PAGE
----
Canadian who drove van into Toronto crowds given life sentence

On April 23, 2018, a Canadian man drove a white rental van at full speed down streets and the sidewalks in Toronto, aiming at passers-by for about more than a mile.—AFP


On April 23, 2018, a Canadian man drove a white rental van at full speed down streets and the sidewalks in Toronto, aiming at passers-by for about more than a mile.—AFP
On April 23, 2018, a Canadian man drove a white rental van at full speed down streets and the sidewalks in Toronto, aiming at passers-by for about more than a mile.—AFP
  • It was the worst attack in Toronto’s history.
  • In 2018, Minassian drove white rental van at full speed aiming at passers-by.
  • Ten people were killed and 16 injured in the attack.

MONTREAL: A Canadian man who in 2018 rammed his rental van into a crowd of pedestrians in downtown Toronto, killing 11 people, was sentenced Monday to life in prison without the possibility of parole for 25 years.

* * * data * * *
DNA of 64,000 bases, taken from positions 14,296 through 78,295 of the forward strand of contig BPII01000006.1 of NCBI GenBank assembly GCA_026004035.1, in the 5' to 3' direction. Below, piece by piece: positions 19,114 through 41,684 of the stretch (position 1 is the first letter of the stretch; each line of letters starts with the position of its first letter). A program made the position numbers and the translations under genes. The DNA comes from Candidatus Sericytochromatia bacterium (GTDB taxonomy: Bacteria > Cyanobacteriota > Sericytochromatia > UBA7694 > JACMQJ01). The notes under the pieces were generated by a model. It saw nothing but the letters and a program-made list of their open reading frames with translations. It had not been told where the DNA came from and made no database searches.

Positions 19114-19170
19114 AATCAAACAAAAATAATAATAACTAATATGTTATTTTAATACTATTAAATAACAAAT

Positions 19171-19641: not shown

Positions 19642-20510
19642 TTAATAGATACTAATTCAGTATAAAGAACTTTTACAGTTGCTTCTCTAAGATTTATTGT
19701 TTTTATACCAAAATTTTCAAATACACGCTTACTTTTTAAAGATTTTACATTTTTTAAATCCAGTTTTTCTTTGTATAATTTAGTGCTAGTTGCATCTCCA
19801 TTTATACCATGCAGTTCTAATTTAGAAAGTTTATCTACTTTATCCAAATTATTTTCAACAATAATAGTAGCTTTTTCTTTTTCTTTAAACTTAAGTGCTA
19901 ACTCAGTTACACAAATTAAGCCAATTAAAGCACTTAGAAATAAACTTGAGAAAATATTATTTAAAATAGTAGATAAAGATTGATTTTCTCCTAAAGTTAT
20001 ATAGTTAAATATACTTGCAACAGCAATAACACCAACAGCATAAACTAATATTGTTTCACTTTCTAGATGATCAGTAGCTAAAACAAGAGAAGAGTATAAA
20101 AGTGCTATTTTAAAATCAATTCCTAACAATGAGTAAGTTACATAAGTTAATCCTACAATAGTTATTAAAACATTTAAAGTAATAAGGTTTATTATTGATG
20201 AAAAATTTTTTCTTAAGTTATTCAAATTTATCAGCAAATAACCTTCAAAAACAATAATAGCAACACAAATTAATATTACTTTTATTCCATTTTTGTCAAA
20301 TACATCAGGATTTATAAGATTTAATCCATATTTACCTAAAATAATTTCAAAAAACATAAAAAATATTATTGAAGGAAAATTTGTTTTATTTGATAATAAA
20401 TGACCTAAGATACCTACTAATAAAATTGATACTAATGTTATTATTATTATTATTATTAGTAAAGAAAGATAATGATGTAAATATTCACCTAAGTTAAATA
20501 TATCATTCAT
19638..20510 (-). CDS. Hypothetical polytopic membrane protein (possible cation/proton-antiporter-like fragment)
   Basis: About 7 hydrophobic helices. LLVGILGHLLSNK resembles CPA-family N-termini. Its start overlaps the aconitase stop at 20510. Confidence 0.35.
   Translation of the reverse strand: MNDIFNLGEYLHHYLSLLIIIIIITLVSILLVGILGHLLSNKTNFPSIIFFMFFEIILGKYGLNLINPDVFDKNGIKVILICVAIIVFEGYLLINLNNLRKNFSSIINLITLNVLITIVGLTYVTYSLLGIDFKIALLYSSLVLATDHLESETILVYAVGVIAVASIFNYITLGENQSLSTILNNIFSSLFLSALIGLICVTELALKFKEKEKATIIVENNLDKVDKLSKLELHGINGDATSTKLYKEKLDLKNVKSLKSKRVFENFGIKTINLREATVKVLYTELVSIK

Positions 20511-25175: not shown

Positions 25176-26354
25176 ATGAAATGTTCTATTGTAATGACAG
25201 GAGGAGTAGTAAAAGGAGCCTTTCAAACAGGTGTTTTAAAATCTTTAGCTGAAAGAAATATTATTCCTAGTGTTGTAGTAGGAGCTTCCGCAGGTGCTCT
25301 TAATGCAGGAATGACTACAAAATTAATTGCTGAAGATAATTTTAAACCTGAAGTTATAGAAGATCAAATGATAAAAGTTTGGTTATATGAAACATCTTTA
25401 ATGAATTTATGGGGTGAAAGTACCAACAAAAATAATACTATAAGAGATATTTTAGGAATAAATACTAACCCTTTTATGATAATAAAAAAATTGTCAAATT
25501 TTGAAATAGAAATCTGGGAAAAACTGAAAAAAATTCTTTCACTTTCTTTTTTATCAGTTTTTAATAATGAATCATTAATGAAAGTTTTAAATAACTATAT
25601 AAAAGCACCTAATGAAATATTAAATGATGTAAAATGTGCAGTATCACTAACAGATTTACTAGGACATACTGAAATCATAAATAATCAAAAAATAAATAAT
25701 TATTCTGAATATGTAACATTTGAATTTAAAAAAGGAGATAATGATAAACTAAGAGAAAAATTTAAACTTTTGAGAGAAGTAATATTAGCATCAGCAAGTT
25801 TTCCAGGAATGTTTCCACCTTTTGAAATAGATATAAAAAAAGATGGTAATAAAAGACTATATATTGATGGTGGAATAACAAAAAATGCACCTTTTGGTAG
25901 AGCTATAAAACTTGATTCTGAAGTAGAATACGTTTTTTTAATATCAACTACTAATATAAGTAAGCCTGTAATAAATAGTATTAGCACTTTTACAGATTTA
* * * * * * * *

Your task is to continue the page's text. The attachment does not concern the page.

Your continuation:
Alek Minassian, who was 25 at the time of the attack, was found guilty by a Canadian judge just over a year ago, in March 2021.

On April 23, 2018, Minassian drove a white rental van at full speed down streets and sidewalks in the Canadian metropolis, aiming at passers-by for a little more than a mile.

Ten people were killed and 16 injured in the attack — but the death toll rose to 11 at the end of October 2021 when an injured woman who had spent more than three years in the hospital also succumbed to her injuries.

It was the worst attack in Toronto’s history.

The sentence came less than three weeks after Canada’s Supreme Court struck down cumulative sentences for murderers, a provision of the criminal code dating back to 2011 which authorized judges to impose extremely long prison sentences on killers who caused numerous deaths.

The Court concluded that a prison sentence that “greatly exceeds the life expectancy of any human person is degrading by its absurdity and, therefore, contrary to human dignity”.

“I’m definitely not satisfied,” Elwood Delaney, whose grandmother died in the attack, told reporters.

Minassian “sat there, showed no emotion, barely looked up at anybody reading an impact statement,” adding, “I hold a lot of anger towards that man.”



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